Rights and Responsibilities

The primary aim of intervening with a student who may be exhibiting behaviors of concern is to both assist the student and protect the university community. Achieving these two goals sometimes requires a careful balancing act. Often, campus officials, working in concert with the student and parents, can help the student find effective support that allows him/her to successfully complete their studies without an adverse impact on the overall community.

However, sometimes it may appear that the student's behavior is so disruptive that they must be removed from a specific class or from the campus in order to protect their own health and safety or the health and safety of others. In those circumstances, it is imperative that the faculty or staff member work with the Dean of Students to explore all alternatives.

Students have legal rights that protected them against arbitrary removal from classes or the campus; any such university action must follow due-process requirements for the student while minimizing negative impact on the classroom or campus community. In addition, the American Disabilities Act protects student from negative action taken on the basis of a protected disability.

Generally, a student's behavior will be the sole basis for imposing disciplinary sanctions; whether the student has a mental disability or underlying emotional problem is irrelevant. At ETSU, the Vice Provost and Chief Student Affairs Officer has the sole authority to permanently remove a student from the classroom and/or from campus, and may do so only through the university's due process. Faculty must report disruptive behaviors to the Dean of Students and participate in the judicial process in order to move forward with barring a student from the classroom.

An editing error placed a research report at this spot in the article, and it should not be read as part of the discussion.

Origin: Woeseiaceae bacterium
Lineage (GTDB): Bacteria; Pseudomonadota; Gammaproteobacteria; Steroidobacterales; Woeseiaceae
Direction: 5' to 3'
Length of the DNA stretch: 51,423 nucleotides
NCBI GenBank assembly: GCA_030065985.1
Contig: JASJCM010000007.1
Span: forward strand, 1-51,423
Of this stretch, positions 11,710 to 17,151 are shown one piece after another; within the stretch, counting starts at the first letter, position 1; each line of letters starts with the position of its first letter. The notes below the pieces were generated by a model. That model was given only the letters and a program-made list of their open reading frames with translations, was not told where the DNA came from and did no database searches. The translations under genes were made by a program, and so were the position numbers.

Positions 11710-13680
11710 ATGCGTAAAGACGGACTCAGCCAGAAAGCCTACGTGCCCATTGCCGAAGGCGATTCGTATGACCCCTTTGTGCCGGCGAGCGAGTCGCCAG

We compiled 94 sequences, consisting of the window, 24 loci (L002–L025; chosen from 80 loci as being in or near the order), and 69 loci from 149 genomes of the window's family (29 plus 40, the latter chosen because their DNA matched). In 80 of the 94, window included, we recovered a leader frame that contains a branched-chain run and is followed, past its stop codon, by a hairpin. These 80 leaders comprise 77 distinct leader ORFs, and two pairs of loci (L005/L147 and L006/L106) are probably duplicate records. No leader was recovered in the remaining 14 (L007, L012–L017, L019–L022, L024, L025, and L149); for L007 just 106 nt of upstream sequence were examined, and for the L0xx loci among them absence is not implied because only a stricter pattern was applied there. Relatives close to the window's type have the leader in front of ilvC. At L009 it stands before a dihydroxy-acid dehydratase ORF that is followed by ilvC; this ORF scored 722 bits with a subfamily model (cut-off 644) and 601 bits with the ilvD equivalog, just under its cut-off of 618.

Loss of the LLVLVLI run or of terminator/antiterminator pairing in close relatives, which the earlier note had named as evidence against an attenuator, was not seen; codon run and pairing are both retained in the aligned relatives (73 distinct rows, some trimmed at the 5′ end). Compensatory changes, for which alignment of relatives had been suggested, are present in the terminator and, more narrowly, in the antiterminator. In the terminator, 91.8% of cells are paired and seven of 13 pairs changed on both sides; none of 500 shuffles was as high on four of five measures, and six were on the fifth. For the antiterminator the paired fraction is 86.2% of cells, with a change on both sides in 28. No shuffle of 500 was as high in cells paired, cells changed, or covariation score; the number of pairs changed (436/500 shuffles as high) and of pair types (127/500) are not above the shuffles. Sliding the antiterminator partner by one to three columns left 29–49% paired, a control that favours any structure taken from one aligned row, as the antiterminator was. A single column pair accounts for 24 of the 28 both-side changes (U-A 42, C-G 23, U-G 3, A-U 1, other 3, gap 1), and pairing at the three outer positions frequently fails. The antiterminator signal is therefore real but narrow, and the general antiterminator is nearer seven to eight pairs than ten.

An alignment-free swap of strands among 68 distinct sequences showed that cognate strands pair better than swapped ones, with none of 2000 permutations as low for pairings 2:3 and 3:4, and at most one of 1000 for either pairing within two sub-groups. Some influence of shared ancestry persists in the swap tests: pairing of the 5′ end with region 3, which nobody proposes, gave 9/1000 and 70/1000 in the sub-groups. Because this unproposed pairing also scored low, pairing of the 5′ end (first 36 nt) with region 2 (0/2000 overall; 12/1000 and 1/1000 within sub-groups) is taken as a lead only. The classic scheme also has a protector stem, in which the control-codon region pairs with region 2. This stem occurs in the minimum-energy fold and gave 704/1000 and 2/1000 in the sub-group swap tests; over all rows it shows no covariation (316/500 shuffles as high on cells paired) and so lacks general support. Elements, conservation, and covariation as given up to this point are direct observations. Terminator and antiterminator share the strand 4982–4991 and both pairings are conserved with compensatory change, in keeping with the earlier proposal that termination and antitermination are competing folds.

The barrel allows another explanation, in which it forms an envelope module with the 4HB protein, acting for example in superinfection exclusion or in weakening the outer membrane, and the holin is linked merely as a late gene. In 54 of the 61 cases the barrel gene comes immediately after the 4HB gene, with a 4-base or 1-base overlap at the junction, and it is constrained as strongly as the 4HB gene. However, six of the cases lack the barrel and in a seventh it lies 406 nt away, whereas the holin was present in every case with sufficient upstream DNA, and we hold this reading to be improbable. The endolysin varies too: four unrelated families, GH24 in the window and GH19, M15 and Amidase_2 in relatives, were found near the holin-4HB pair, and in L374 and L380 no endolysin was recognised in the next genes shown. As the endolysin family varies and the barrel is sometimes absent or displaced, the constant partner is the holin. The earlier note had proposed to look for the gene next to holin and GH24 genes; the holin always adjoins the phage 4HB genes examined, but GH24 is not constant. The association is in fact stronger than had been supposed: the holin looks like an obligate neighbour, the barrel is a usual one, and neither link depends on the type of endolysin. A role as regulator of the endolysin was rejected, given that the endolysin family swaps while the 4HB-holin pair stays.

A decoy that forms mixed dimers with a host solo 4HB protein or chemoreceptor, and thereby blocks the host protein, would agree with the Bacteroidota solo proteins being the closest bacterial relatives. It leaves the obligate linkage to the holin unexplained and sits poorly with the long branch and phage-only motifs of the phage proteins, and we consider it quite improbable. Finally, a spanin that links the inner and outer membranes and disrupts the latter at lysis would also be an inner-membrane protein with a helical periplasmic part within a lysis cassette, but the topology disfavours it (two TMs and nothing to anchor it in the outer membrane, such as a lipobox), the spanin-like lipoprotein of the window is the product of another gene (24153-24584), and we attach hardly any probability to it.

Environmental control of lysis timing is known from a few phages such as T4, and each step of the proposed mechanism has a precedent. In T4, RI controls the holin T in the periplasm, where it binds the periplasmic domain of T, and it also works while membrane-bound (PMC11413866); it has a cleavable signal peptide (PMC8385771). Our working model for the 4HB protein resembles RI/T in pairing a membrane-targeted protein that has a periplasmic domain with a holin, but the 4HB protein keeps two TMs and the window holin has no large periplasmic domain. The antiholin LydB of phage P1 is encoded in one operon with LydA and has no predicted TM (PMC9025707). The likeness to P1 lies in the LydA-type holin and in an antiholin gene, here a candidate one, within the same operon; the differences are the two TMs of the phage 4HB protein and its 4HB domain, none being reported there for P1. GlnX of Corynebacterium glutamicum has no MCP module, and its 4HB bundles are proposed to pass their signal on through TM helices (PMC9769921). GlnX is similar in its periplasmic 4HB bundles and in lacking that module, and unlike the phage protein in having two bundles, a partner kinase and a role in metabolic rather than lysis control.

Faculty can help by taking pro-active steps to insure that students are aware of the instructor's expectations for classroom behavior. Standards of appropriate classroom behavior should be included in the class syllabus and should be discussed them at the first class meeting. Communicating these standards within the syllabus will promote student retention by preventing confusion and misinterpretation of conduct expected by the instructor and provides the basis for disciplinary action, should it become necessary.

Suggested items for inclusion on each syllabus:

  • Policy regarding attendance, punctuality and tardiness, including consequences.
  • Statement regarding appropriate behavior between student and instructor and/or classmates.
  • Appropriate expectations for instructor time and attention inside and outside of class room. General policies regarding communication with instructor, including instructor office hours and location, appointments and drop-in policy, phone number and policy regarding returning telephone calls.
  • Statement regarding conflict resolution in the classroom (how to discuss differences/disagreements with the instructor and other students).
  • General policy on eating, drinking, smoking in class.
  • General policy regarding children and visitors in class.
  • General policy regarding breaks and leaving and entering class at other than break time(s).
  • General policy on plagiarism.
  • General policy regarding cell phones, pagers, laptop computers, PDAs

Statement regarding reasonable accommodation for students with documented special needs:

If you have a disability that may require assistance or accommodations, or if you have any questions related to any accommodation for testing, note taking, reading, etc., please speak with me as soon as possible. You should contact the Office of Disability Services (439-8346) with any questions about such services.